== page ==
Check it out if you like: Liars, The Fiery Furnaces, Grizzly Bear
Listen to a sample here: Go to Tomlab, select He Poos Clouds–you can listen to samples of the whole album.

Thursday, August 03, 2006

Poster Art - The Small Stakes























I started getting into music posters about three years ago. And not just the posters, but the designers behind them and the studios they work for. Now, I just have them bookmarked and check back regularly. Stylistically they can be all over the place. I'm really drawn to clean, minimal design and have pinpointed a few of my favorites. With some regularity, I now make it a point to go back and check out the new work.

One of my bookmarks is reserved for Jason Munn who runs The Small Stakes in Oakland, CA. The Small Stakes produces everything from book covers and album packaging to t-shirt designs and silkscreen printed poster designs.

His posters have always been among my favorites, not only for the design, but for the bands he produces work for. Animal Collective, Sufjan Stevens, The American Analog Set, Clap Your Hands Say Yeah, and Broken Social Scene have all looked to The Small Stakes to have work done.

Check him out. If you like the work, many of the posters are for sale at a very reasonable $20. I'll probably mention a few others in the future, but if you want to look at the breadthe of what's out there right now, and don't feel like waiting on me, poke around at Gigposters.com. There you'll find hundreds of designers and tons of styles. Surely you'll find something there that'll suit your tastes.

Tuesday, August 01, 2006

Girl Talk - Night Ripper

Girl Talk
Night Ripper
Illegal Art

The mash up is not a new thing. We saw it coming from far away. Recognizable songs started showing up heavily in hip hop records. Paul's Boutique immediately comes to mind. Club dj's made it a habbit to find a beat, a time signature in one record that flowed into the next so they could be layered over one another and the transition from one song to the next would be seamless. This was function over fashion, but it planted seeds. Soon, dj's were putting out albums comprised entirely of records in their collections woven together. Turntablism reached new heights when DJ Shadow released his watershed album Endtroducing in 1996, followed by noteable releases from RJD2, Kid Koala and Cut Chemist to name a few. Somewhere along the line, the mash up came out of this–the idea of taking two songs, usually from disparate artists, and layering them together to create a new tune. If you haven't heard, or heard of, Danger Mouse's The Grey Album, which mixes Jay-Z's The Black Album with The Beatles' The White Album, you probably should.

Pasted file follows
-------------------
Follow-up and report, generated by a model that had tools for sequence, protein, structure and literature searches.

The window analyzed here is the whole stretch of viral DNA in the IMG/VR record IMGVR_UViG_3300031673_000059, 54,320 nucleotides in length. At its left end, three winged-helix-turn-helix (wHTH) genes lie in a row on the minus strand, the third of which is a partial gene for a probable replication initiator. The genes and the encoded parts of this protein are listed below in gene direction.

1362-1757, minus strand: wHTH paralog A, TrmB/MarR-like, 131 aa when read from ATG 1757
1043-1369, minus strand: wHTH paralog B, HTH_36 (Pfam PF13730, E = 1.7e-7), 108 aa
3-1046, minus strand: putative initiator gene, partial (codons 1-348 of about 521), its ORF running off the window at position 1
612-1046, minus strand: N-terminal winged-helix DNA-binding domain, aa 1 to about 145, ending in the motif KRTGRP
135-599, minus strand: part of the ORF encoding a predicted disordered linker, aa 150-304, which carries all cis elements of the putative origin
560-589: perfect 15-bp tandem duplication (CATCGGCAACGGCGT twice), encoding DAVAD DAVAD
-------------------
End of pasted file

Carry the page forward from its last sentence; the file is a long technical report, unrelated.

So where is this going? Well, it sets the table for what Girl Talk, aka Gregg Gillis, does on his latest album Night Ripper. Perhaps in an effort to call out just how much "mashing up" he's doing, instead of thanking engineers, record label folks, and the like, in his liner notes Gillis instead thanks the artists he layered together on Night Ripper.

All 164 of them.

The amount of songs and artists put together on this album is simply staggering. Maybe it comes with ease, but I doubt it. This must have been some undertaking trying to find so many songs that work together. As mentioned, often a mash up is just two artists pieced together. This isn't a hard-and-fast rule, or a law in the land of mash up, but rather a standard. On
Night Ripper, any given song uses five, six, ten or more songs pieced together. And the genius is that they come from all over–hip hop from the west coast, the east coast and the dirty south. Bygone MTV hits. Indie rock staples like Neutral Milk Hotel and The Pixies. 80's wonders like Paula Abdul and George Michael. 90's alternative (when it really was alternative) is represented by Nirvana, Weezer, Dinosaur Jr. and one of my favorite, but criminally overlooked, Hum. I could go on, but you get the idea. There's a little of everything on this album.

The longevity of Night Ripper is still in question for me. I'm wondering how many times you can listen to this, or rather, how many months or years down the line you can listen to it. So far, I'm about 20 listens in and still enjoying it. I still get a grin of satisfaction everytime "Smash Your Head" comes on. Sure, he works in Nirvana's "Scentless Apprentice," which would have been enough for me, but I nearly fell out of my chair when I heard Biggie come on, spittin' his summer classic "Juicy" with Elton John's "Tiny Dancer" providing the backdrop. I don't know that it gets much better. Though on "Summer Stroke," Gillis comes close by putting Kanye West's "Gold Digger" over Pilot's "Magic." Oh, ho, ho, it's magic indeed.

So there you have it. Run out and pick this up. Play a drinking game with your friends to it (just one more day of college life, that's all I ask). Every sample you can't name means you have to drink. Before you know it, you and your friends will all be smashed, and grinning from ear to ear as you sit in amazement, wondering how Girl Talk did it.

Check it out if you like: DJ Shadow, RJD2, Blockhead, Kid Koala, et al.
Listen to a sample here: "Hold Up"